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test load

Xplorer877

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This is what I use.



Also make sure that your 1 ohm resistor is indeed 1 ohm! I like these sandstone resistors because they have higher tolerances. But those peanut shaped resistors often can be off by 20%. In short, that means your reading will be off by 20% if you assume it's exactly 1 ohm. That can prove lethal for some diodes.

Always measure and use the exact value! Don't assume!

-Tony
 



HIMNL9

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nice test load ;), you can use it til 1,5A without problems, just the diodes becomes a bit hot (can go til 2A, no problems, but over this they become too hot :p)

About the resistor value, it's right, but there's a little problem ..... normal DMM, and also lab standard ohmeters, don't have enough precision for measure resistances less than 40 or 50 ohm in a decent way ..... the tolerances of the instrument, the parasitic resistance of the wires and plugs, the maybe-not-perfect contact from leads and resistor terminal, may give you very different results (i have tried it ..... taking a sample 1 ohm resistor and trying all my multimeters, i found that the better one was measuring 1,46 ohm, the "decent" ones 1,74, 1,99, 2,15 and 2,2 ohm, and the cheapy "battle" ones 2,9 and 3,2 ohm :p)

You need a milliohmeter, for do similar measures, but not all the hobbysts have some spare 500 $ for buy a cheapy one, not speaking about "labby" 4400$ ones ..... i was lucky, i'm working in electronic from a life and half, and i'm also a DIY maniac :)p), so i built a decent desk one for myself, and also a small "add-on" box for use it "on the battlefield" with a common DMM, for a relatively low price (they can't measure microohm range, but are decently precises at milliohm and ohm range) ..... but not all the hobbysts want to do, or have the possibility to do, the same, so is difficult to "measure" precises 1 ohm resistances .....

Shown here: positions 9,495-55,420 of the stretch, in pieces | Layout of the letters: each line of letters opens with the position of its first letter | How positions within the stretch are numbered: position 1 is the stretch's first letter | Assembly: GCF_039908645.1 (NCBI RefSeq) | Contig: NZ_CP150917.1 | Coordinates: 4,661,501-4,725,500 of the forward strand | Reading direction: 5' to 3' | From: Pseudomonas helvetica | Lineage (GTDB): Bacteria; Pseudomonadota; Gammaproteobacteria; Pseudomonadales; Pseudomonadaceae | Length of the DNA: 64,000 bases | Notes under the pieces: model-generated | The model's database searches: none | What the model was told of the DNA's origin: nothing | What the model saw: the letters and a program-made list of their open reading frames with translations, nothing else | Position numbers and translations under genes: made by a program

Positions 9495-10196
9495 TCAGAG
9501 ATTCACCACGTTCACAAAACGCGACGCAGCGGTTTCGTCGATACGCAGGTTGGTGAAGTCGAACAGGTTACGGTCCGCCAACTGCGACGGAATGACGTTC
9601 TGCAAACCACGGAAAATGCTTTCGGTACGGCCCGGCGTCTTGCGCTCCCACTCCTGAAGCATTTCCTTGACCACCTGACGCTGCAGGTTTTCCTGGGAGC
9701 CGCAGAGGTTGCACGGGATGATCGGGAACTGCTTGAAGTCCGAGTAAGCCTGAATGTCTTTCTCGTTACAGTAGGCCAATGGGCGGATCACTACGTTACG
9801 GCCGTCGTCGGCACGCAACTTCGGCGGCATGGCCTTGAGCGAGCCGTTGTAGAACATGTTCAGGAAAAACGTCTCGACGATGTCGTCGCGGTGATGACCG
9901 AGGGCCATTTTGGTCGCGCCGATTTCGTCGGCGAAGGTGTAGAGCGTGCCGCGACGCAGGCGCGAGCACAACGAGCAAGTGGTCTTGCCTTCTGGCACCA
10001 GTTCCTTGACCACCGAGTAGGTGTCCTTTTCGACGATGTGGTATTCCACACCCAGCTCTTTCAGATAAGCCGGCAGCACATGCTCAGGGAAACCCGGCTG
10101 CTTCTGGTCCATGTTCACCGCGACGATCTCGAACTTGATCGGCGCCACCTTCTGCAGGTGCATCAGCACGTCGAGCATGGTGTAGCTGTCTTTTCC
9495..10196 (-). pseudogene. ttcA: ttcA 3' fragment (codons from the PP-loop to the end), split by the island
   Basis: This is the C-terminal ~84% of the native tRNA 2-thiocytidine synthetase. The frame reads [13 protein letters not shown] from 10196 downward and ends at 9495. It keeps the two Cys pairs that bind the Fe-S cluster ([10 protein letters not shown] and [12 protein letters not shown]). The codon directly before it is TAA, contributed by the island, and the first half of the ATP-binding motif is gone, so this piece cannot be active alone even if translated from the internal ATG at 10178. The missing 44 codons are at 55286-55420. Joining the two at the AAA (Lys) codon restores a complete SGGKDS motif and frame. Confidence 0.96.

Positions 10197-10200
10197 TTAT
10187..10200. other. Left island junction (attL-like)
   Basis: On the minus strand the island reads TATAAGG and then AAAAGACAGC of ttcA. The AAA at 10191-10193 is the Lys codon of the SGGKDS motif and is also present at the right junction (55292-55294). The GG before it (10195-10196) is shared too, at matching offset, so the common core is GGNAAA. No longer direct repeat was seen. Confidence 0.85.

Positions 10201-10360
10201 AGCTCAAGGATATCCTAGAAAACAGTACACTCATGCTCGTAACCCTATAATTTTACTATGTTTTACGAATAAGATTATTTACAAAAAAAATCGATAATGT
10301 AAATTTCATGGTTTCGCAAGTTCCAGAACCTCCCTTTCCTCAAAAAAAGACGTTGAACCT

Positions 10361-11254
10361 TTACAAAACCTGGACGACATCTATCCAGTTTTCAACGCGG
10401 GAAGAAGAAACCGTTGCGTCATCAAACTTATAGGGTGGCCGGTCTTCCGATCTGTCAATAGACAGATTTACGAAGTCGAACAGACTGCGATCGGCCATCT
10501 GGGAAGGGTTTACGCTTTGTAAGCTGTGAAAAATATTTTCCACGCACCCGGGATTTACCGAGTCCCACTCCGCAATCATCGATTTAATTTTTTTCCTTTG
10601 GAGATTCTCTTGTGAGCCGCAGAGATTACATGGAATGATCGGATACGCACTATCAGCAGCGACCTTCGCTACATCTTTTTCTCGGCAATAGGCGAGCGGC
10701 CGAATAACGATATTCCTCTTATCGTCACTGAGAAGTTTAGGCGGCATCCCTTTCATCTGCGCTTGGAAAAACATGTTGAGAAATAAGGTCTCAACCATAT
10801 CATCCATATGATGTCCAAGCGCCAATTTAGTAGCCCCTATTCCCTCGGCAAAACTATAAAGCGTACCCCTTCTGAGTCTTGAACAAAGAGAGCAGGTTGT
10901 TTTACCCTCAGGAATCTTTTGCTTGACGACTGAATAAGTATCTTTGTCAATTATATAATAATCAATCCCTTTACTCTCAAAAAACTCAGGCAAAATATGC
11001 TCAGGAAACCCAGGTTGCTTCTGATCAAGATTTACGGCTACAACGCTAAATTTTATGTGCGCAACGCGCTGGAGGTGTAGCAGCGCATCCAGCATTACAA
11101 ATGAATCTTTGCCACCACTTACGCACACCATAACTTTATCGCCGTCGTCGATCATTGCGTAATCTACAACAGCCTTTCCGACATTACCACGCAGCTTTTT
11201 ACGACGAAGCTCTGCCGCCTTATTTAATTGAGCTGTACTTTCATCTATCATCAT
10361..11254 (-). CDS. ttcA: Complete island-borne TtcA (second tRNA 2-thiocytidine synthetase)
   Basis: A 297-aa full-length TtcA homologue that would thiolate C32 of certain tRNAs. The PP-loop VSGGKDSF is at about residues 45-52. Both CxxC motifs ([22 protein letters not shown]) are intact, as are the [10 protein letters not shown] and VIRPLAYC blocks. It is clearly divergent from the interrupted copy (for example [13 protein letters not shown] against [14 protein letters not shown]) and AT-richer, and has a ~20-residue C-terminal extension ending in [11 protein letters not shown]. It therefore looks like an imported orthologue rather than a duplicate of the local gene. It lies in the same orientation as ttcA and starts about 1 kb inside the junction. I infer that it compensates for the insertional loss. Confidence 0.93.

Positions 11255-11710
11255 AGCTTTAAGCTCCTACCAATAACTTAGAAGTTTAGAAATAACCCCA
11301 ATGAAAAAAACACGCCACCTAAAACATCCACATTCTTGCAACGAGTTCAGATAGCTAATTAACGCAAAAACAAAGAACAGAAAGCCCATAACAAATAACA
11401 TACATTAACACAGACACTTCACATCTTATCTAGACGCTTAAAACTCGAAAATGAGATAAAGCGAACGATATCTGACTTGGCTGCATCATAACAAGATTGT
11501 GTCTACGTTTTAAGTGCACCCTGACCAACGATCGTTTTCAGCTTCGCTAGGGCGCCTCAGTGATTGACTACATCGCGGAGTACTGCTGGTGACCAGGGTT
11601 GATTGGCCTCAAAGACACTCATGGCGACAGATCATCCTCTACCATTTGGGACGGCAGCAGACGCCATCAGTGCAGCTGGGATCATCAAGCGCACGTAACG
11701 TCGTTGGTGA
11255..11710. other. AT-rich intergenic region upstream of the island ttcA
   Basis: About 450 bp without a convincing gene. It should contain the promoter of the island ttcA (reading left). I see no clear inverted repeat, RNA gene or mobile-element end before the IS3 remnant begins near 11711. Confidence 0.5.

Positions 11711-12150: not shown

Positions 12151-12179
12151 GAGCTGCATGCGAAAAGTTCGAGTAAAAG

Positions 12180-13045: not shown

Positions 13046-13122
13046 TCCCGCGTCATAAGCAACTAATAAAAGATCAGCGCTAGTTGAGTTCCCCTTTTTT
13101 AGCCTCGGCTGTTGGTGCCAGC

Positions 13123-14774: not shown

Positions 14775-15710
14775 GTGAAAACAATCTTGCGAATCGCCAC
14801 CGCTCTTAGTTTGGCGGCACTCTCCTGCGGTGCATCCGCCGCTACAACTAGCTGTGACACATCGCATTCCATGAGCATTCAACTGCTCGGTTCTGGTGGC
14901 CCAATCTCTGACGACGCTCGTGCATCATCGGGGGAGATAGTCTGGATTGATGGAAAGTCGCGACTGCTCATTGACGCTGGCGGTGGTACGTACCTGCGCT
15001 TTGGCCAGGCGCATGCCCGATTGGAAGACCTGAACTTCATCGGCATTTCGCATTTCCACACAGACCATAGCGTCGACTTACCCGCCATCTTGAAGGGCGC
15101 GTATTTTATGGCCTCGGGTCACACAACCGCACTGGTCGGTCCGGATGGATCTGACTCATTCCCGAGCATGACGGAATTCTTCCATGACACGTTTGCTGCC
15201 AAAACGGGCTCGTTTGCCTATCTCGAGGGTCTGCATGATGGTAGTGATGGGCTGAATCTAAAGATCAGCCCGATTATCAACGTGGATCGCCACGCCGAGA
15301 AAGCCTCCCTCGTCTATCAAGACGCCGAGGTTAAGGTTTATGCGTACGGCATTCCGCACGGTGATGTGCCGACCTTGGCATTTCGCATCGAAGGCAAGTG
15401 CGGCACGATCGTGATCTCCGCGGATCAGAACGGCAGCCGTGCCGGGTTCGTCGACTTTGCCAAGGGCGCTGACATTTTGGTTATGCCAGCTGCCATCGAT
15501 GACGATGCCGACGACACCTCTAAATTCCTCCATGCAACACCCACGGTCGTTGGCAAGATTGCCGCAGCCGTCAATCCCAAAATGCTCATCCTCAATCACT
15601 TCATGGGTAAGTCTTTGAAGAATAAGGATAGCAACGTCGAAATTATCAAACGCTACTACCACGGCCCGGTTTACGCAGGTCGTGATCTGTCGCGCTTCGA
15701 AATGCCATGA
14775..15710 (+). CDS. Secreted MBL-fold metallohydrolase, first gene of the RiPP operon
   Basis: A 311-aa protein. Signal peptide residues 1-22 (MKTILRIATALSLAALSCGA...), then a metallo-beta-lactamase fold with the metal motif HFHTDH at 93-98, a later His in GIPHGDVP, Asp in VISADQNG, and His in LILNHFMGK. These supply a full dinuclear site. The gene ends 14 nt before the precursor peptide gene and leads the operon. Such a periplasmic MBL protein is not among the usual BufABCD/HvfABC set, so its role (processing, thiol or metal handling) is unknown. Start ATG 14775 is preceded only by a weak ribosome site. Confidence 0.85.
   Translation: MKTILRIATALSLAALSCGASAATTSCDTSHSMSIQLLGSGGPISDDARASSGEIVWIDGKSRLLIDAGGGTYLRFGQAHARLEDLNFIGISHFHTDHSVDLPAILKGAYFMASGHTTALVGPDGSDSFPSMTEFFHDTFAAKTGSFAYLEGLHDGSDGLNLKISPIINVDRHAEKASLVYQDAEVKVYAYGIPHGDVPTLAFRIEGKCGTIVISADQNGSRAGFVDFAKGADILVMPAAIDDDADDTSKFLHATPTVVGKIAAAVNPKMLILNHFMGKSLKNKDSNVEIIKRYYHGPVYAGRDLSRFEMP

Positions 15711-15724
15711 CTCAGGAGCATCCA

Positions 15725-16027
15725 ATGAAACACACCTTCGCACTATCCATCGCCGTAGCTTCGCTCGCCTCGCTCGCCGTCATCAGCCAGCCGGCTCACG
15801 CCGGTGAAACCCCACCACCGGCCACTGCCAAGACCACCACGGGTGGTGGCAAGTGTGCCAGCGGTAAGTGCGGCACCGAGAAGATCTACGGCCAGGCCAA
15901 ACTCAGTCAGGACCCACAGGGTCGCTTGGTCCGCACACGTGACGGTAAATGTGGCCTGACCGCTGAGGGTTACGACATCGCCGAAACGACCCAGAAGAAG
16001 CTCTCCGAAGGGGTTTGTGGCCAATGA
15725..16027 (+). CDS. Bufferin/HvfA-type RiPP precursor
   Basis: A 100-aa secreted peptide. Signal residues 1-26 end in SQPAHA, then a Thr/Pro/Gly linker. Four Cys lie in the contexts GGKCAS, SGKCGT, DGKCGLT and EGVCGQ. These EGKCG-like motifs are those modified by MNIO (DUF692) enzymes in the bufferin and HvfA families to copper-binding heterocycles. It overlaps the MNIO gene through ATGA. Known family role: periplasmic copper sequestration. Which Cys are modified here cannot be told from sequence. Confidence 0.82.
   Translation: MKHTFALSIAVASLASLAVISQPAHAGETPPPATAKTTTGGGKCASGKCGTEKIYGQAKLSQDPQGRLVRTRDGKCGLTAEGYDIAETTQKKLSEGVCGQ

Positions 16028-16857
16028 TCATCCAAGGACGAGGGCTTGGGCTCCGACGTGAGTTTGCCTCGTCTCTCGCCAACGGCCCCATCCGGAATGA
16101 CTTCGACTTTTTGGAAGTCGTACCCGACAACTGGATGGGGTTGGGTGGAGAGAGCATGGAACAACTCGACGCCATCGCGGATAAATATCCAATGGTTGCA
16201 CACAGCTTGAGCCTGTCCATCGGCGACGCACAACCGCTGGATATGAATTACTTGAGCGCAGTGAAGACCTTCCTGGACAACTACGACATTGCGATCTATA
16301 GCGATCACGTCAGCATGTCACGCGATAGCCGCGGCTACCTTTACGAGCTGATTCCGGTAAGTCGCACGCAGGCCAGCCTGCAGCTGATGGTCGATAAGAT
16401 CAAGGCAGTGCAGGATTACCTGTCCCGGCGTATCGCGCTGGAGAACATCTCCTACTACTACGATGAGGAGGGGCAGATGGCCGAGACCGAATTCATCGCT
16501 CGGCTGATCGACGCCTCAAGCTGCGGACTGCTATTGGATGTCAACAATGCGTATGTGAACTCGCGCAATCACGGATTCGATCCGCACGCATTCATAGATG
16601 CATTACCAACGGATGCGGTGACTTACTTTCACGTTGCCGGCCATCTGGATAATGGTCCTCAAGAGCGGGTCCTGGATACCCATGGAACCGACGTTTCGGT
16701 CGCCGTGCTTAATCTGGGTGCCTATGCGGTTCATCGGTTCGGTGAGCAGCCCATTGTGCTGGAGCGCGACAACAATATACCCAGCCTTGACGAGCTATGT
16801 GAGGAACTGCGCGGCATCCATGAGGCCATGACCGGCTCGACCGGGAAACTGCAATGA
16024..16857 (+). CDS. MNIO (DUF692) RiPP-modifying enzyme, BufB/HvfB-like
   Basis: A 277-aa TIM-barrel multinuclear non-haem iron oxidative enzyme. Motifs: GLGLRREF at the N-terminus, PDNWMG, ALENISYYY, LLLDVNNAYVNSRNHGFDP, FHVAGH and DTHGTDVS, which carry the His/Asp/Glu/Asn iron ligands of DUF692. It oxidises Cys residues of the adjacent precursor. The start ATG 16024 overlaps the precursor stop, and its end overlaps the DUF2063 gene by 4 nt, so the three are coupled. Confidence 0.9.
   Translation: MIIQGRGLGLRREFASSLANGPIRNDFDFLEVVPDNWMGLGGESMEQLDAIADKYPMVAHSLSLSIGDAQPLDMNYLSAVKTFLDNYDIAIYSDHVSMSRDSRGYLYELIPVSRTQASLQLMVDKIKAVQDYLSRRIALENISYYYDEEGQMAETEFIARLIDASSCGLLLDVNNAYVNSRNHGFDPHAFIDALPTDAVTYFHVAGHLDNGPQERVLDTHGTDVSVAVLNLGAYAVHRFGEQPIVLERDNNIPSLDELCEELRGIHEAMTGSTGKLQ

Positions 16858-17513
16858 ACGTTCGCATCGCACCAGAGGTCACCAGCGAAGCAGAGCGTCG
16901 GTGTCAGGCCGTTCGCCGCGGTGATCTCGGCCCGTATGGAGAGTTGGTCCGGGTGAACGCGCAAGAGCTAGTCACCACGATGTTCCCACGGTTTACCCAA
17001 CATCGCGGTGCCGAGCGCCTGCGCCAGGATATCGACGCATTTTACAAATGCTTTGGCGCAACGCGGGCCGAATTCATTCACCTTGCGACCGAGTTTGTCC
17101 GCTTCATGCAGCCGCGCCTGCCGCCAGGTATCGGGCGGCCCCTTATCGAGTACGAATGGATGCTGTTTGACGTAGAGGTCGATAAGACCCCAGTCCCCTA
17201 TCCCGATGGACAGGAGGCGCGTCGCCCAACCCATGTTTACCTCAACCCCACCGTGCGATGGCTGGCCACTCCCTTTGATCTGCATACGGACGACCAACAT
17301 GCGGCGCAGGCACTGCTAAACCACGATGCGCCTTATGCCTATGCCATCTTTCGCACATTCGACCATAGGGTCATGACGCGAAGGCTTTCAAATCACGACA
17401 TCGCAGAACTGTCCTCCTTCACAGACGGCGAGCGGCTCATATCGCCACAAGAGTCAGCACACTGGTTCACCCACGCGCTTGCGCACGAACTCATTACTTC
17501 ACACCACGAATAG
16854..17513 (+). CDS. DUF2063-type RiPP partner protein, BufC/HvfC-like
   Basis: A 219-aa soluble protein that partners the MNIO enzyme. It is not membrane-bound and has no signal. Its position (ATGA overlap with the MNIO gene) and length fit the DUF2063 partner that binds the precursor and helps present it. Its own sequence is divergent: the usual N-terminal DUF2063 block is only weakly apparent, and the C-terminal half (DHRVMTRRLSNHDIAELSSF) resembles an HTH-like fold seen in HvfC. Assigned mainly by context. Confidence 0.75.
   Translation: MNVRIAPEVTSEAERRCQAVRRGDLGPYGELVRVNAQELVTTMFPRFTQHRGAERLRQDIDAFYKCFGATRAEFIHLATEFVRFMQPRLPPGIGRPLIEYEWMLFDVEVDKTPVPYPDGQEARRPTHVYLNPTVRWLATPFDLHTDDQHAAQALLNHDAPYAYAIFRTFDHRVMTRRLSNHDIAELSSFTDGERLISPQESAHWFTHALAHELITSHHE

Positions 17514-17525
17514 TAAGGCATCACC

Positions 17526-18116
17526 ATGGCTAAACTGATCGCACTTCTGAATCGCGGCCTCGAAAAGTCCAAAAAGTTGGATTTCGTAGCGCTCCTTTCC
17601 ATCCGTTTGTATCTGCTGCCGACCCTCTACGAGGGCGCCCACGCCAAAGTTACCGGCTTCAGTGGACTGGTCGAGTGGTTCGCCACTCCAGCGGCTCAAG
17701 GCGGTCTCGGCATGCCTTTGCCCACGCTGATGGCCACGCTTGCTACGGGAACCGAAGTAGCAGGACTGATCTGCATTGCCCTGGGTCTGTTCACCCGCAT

A solution, for those that don't want to buy or build a milliohmeter, can be using a stable and known current source (and, after all, we're full of current sources, as laser diodes drivers :p ..... also my "add-on" one uses the same principle) ..... take a stable and known 100mA current source, that can be built easily using an LM317, any 2 to 5 ohm 1W resistance (not need to be precise, this one, it's just used as "buffer", or whatever you call it), and your 1 ohm resistance to measure, and connect in serie the "buffer" resistor and the 1 ohm one that you want to measure, as load for the LM317 ..... with a milliamperometer, check that the current in the circuit is exactly 100mA (or regulate ir until it's 100mA, precise), then measure the voltage at the leads of the 1 ohm resistor ..... if it's exactly 1 ohm, it must be 100mV ..... any difference causes a different voltage, and you can easily calculate the real value of the resistor using ohm law, where R=V/I ..... with as example 115mV, and knowing that the current is 100mA, it's easy to see that 0.115/0,1=1,15 ohm, instead 1, and so on ;)
 

Xplorer877